Morgan Jones 12:52
Yeah, for sure. John, you were–when you finally did make it to BYU–you were a 22-year-old true freshman. You went on your mission prior to your freshman season, how do you feel like your mission and beginning your collegiate career several years older–I feel like this is something that comes up literally every time BYU is playing basketball or football and the ESPN commentators are always like, "And they've got four guys that are this old," –so how do you think that that affected your approach to football, whether it be mentally, physically, whatever?
John Beck 13:33
Well, it's not easy. It affected all of those things. The mission was an unbelievable experience. An experience that, you know, in the same situation, I would make the same decision 100 times out of 100. You know, the decision to be a missionary I had made when I was a young boy. So it was never in question if I was going to go, but all the blessings and the life lessons and all those great things that come from a mission, there's still things that are setbacks when it comes to playing a sport.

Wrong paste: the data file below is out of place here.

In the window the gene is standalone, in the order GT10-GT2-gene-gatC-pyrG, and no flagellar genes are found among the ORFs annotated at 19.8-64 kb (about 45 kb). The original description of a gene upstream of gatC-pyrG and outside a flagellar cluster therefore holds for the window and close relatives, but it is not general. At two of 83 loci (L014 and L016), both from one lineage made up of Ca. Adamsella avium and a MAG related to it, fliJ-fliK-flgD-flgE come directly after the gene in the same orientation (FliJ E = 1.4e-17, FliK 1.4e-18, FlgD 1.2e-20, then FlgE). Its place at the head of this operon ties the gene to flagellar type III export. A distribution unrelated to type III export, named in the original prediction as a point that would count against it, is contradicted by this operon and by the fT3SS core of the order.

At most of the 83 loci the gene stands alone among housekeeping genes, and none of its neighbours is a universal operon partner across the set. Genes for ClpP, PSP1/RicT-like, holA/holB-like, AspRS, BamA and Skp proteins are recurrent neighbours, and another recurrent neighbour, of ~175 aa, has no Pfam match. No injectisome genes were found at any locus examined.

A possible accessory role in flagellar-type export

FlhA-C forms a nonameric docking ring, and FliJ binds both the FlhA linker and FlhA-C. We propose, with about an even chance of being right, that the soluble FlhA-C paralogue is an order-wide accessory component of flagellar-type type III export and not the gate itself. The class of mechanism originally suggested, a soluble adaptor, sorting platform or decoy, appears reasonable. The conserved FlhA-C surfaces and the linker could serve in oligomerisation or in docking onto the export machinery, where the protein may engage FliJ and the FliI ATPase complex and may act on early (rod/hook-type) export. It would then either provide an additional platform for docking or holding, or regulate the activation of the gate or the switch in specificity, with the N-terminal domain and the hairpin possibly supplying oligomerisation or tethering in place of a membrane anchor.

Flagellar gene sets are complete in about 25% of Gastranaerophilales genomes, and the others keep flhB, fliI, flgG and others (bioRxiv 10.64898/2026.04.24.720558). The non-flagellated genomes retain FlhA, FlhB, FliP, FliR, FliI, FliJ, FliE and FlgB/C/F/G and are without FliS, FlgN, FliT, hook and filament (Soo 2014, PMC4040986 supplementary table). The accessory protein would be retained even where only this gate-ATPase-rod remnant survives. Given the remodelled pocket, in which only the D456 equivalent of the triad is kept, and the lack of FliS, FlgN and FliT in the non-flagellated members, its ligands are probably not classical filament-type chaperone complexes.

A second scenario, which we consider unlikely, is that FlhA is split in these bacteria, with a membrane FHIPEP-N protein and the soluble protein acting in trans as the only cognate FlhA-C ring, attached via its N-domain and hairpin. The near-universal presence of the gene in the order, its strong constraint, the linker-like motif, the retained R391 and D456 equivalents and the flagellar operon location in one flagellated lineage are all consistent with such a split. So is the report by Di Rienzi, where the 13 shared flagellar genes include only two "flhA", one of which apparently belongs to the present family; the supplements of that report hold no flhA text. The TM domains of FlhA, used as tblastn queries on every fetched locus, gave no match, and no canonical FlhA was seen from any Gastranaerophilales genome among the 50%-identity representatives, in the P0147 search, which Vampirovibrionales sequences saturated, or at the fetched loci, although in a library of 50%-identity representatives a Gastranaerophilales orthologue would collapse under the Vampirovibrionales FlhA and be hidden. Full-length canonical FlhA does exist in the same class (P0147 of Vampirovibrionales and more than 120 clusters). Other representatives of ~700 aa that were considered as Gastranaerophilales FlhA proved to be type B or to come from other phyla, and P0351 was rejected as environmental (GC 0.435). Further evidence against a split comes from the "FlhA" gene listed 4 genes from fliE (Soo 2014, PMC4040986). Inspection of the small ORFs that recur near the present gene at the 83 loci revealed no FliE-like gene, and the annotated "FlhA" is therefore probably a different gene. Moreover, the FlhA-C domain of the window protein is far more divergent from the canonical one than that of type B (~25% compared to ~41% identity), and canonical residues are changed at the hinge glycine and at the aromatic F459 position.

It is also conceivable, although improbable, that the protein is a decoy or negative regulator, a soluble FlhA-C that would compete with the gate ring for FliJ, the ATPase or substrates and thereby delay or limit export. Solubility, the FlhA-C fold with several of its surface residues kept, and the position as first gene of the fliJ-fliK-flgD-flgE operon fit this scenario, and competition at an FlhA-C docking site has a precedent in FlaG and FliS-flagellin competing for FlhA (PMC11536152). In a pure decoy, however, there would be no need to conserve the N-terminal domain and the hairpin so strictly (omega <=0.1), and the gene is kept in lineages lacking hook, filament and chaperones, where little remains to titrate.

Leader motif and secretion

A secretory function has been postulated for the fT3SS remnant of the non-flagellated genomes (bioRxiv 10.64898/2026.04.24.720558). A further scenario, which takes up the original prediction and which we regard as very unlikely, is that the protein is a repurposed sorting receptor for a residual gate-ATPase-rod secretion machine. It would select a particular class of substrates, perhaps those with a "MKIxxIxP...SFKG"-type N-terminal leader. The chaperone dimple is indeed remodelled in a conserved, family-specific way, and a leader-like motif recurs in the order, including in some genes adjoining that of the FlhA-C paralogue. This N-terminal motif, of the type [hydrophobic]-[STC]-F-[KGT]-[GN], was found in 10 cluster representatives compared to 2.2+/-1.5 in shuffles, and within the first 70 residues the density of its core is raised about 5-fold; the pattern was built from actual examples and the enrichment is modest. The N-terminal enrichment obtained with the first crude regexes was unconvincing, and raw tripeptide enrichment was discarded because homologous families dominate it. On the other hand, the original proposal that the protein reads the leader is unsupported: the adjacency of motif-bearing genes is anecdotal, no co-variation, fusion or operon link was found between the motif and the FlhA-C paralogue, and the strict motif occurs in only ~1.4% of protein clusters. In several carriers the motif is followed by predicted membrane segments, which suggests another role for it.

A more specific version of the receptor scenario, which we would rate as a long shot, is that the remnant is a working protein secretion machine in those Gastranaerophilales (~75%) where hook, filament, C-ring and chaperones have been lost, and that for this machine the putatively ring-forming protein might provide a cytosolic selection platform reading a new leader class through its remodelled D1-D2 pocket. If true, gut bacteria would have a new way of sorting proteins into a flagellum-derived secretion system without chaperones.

You know, for me, a lot of my life revolved around my training. The things that I did to better myself as an athlete, I was an extremely late mature and developer, so I had to work extremely hard. And because of that, I had to learn how to sacrifice way more time than maybe some other guys did. But because of that when I left on my mission, and I don't get to sacrifice that type of time and I'm gone for–you know, I ended up missing three football seasons because of the time on my birthday–back then you had to wait till you're 19–when I put my call in and when I was called was way different than what I anticipated.